Despite China’s close relationship with Russia, Ukraine’s rival, China has purchased outright and licensed a number of Ukrainian aviation and naval platforms, such as the ex Varyag aircraft carrier, the Zubr hovercraft and the An-178. Antonov itself has also provided design and technical advice for the Chinese ARJ-21 region jetliner and Y-20 heavy transport aircraft.
China is deeply interested in what Ukraine can do for China, including building advanced and powerful jet turbine engines for the world’s largest jet aircraft — and the entire giant aircraft itself — for as long as China takes to build its own versions of the plane in China. But as for the turbines, China cannot build military quality jet turbines without outside help — and Ukraine is willing and able to lend a hand to the Middle Kingdom for as long as necessary.
There are other reasons why China is interested in Ukraine, among other nations of Central and Eastern Europe, and Northern Europe.
Some countries are of particular interest to China. Among them is Ukraine, where China’s interest is driven by several key factors. These factors include Ukraine’s geographic location and its potential to become a major transit hub within [the Silk Road], in addition to the Deep and Comprehensive Free Trade agreement between Ukraine and the EU, and Ukraine’s agricultural industry. __ Why China is Interested in Ukraine
When combined with the increasingly Chinese-dominated economies of Central Asia, the economies of Central, Eastern, and Northern Europe will provide an “economic encirclement” of Russia by the dragon — providing significant leverage in future negotiations with the ailing bear.
China cannot keep up with the advanced world technologically, without big help from the west:
China continues to depend on technology from Europe and the United States… Chinese companies are good at incremental innovation, but they lag behind advanced countries when it comes to disruptive innovation.
Less than 6% of Chinese patents are protected by global patents, compared to 49% of U.S. patents. Fifty percent of total exports and more than 90% of China’s high-tech exports are produced by foreign companies operating there. __ Globalist
China’s Trade with Central, Eastern, and Northern Europe Grows
China is going to great lengths to create a grand economic encirclement of Russia, in order to better trade with a more vibrant and innovative Europe. It is clear that China prefers the better quality goods it can obtain from Europe to the shoddy goods offered by a corrupt and ailing Russia.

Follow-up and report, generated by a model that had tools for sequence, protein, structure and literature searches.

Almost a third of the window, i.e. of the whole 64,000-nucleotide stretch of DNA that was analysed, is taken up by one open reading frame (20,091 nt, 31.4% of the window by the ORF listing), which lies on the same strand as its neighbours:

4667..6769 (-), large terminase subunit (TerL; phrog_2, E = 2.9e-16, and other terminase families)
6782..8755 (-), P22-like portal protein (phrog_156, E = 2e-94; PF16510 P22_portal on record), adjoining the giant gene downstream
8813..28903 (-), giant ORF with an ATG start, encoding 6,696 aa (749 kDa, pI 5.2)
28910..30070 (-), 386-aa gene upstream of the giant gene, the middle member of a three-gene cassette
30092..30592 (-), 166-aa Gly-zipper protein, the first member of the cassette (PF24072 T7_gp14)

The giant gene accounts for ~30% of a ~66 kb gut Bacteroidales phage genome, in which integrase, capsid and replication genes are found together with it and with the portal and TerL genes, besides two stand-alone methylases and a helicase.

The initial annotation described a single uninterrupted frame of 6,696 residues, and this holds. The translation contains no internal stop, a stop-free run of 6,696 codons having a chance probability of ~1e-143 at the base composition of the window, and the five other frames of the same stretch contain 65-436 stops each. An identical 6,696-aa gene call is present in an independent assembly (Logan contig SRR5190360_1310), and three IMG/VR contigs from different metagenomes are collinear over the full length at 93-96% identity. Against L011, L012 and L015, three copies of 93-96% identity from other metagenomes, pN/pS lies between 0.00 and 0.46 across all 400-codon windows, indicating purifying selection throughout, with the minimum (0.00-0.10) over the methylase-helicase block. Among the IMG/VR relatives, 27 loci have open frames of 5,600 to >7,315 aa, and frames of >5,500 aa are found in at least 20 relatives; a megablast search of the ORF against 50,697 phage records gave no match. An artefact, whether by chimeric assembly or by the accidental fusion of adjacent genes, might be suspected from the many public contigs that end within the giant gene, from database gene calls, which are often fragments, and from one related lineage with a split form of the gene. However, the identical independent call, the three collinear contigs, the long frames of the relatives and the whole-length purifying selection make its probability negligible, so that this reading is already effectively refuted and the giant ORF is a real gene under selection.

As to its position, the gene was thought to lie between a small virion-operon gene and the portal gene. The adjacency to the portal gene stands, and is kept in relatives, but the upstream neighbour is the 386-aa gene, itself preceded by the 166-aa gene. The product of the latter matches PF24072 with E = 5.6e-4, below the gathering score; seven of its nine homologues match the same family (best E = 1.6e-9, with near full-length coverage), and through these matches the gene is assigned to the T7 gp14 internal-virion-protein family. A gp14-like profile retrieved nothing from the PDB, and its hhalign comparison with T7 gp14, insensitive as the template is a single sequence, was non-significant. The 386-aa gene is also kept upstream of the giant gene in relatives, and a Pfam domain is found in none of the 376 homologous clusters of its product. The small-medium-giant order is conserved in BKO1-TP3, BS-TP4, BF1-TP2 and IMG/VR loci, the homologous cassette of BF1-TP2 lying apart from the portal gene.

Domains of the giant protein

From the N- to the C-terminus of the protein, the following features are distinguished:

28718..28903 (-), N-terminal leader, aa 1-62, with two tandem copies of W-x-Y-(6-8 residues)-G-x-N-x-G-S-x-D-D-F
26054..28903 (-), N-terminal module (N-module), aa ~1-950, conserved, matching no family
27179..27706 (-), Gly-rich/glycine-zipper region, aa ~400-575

… what does it mean that China is making a special effort to engage with Central and Eastern Europe? China’s “march West” policy is even more ambitious than previously thought. The “New Silk Road” as envisioned by the new leadership could stretch all the way from China to Central Europe — much like the original Silk Road. This is especially relevant in light of recent research suggesting that China’s economic relationships often encourage its partners to lend their political support in international fora. The more countries that welcome and come to rely on China’s economic aid, the more powerful China could become in international bodies such as the UN. __ source
… China is a very important cooperation partner of Finland, and that bilateral defense cooperation has a huge potential.
He said Finland was ready to improve exchanges and cooperation in such areas as personnel training and military drills. __ Source
Trade between China and other scandinavian countries such as Sweden is likewise robust.
Russia Should Consider itself “Encircled” — by China!
Combining ever-deeper Chinese involvement in the Russian Far East, Mongolia, Central Asia, Turkey, Central-Eastern-Northern Europe, and a more active Chinese presence in the Arctic, China is effectively bracketing Russia from every direction.
This represents a huge gamble for China, with an economy that itself is built upon a rapidly growing inverse pyramid of bubbles. Forcing Russia to become China’s “comfort woman” may appeal to some sense of justice in China’s leaders, but if both nations break into clashing factions it will avail China little in the end.
Regardless, China’s grand Silk Road power scheme points at the heart of Europe, via Central Asia and CEE. China will need Europe’s innovations and dynamism for some time to come.
Russia is merely a source for raw natural resources, a competitor in global arms sales, and the future water supply and breadbasket of New China. Or so the plan goes.